JAKARTA - Indonesia has demanded that the United States explain why Indonesian armed forces chief, General Gatot Nurmantyo, was blocked from travelling to Washington D.C. on Saturday (Oct 21), said Foreign Minister Retno Marsudi.
"For us there are two different issues, one is to resolve that the ban no longer exists, but the second is that we are still asking for a clarification, an explanation, on why did the incident happen?" said Ms Retno.
The Indonesian minister was speaking to reporters on Monday after meeting with US Deputy Ambassador to Indonesia, Ms Erin Elizabeth McKee, who was summoned to the foreign ministry in Jakarta earlier in the morning.
Ms McKee, representing US Ambassador Joseph Donovan who was away, had expressed regret for the treatment of General Gatot, who was told he cannot travel to the US despite having been invited to Washington by General Joseph Dunford, chairman of the US Joint Chiefs of Staff.
"We deeply regret the inconvenience that this incident caused and we apologise," said Ms McKee. "We have resolved the matter, General Gatot is able to travel, there are no restrictions and the United States welcomes his participation in the conference that General Dunford had invited him to."
She also added that the US embassy is "working very hard to understand what transpired in this incident and we hope that it will not happen again".
Ms Retno said the US ambassador had apologised for the incident in a phone call on Sunday, and reiterated the importance of Indonesia's relationship with the US.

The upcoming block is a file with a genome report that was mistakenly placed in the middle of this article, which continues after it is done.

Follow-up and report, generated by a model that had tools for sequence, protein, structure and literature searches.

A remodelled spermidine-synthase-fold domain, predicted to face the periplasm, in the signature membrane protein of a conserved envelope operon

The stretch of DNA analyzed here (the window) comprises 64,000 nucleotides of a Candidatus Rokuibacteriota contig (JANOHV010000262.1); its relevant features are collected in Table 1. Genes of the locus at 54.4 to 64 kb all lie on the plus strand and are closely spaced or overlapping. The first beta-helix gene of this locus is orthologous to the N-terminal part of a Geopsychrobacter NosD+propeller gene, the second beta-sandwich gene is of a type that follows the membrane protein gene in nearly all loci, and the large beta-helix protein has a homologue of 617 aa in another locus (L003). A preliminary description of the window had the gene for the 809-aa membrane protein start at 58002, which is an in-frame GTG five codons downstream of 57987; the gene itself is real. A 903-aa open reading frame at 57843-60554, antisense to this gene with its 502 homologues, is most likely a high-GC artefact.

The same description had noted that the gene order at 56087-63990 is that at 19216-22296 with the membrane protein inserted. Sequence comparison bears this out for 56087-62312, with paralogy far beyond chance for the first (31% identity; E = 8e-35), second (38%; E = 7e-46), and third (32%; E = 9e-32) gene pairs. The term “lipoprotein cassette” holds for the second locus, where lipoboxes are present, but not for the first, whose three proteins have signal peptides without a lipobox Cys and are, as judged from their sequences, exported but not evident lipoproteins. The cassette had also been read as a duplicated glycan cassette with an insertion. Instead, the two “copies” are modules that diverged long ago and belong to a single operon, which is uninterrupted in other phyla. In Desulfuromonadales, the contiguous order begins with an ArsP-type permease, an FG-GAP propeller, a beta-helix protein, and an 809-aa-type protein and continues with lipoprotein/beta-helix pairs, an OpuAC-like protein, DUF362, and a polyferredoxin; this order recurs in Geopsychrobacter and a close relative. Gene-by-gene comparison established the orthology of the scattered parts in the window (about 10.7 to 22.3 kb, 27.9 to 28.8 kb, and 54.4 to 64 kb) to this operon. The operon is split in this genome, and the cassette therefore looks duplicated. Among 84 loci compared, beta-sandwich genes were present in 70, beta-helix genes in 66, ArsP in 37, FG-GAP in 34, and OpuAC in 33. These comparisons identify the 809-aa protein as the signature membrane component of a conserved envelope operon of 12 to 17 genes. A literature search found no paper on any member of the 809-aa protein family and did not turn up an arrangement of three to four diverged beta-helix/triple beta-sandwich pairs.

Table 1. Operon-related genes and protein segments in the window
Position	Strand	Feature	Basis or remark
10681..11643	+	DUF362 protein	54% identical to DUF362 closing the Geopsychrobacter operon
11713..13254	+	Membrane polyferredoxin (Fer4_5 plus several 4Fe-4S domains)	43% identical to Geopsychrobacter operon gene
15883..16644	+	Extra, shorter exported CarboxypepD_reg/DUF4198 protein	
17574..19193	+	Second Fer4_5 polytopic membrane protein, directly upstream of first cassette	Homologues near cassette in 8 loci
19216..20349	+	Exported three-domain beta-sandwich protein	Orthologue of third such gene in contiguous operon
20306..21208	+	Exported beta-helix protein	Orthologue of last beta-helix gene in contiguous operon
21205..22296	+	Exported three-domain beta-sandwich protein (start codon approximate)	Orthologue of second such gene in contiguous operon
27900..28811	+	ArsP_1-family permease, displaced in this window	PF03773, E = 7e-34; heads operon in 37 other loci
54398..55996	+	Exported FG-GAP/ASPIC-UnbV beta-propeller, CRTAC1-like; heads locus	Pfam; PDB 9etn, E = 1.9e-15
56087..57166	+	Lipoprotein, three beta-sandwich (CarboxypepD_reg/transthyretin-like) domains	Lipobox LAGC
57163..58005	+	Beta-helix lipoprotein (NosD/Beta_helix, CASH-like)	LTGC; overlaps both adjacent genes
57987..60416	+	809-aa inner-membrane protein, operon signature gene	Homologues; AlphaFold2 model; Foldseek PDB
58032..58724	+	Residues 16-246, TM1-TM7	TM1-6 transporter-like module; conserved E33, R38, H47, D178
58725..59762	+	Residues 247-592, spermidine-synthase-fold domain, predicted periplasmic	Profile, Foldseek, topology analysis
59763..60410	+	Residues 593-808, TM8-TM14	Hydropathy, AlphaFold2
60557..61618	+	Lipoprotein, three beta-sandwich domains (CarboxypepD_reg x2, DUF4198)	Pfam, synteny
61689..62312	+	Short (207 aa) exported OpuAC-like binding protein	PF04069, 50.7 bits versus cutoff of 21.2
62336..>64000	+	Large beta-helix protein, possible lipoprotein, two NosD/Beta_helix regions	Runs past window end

The American embassy in Jakarta also posted a statement on its website on Sunday, apologising for the inconvenience caused to the general, adding that it was working to facilitate his travel.
The US statement came after Indonesia sent a diplomatic note to the US Secretary of State over the weekend and summoned the US ambassador to explain the incident.
General Gatot, who is due to retire from the military in March next year, is a popular but sometimes controversial public figure in Indonesia.
Last month, he made it compulsory for troops to watch an anti-communist propaganda film made during the Suharto-era, a move critics said could revive a 'Red Scare" in Indonesia.
He has also held a longstanding belief that Indonesia faces "proxy wars", where foreign states seek to undermine his country by manipulating non-state actors.
The US apologies did not seem to placate supporters of the general, whom many had touted to have political ambitions.
By Monday afternoon, banners were spotted in downtown Jakarta that said "Expel the US Ambassador". But they were removed later in the day by city officials.
Ms Retno said that Jakarta is now waiting for her counterpart in the US to investigate the incident, in a bid to offer an explanation as to why its top military commander was denied entry.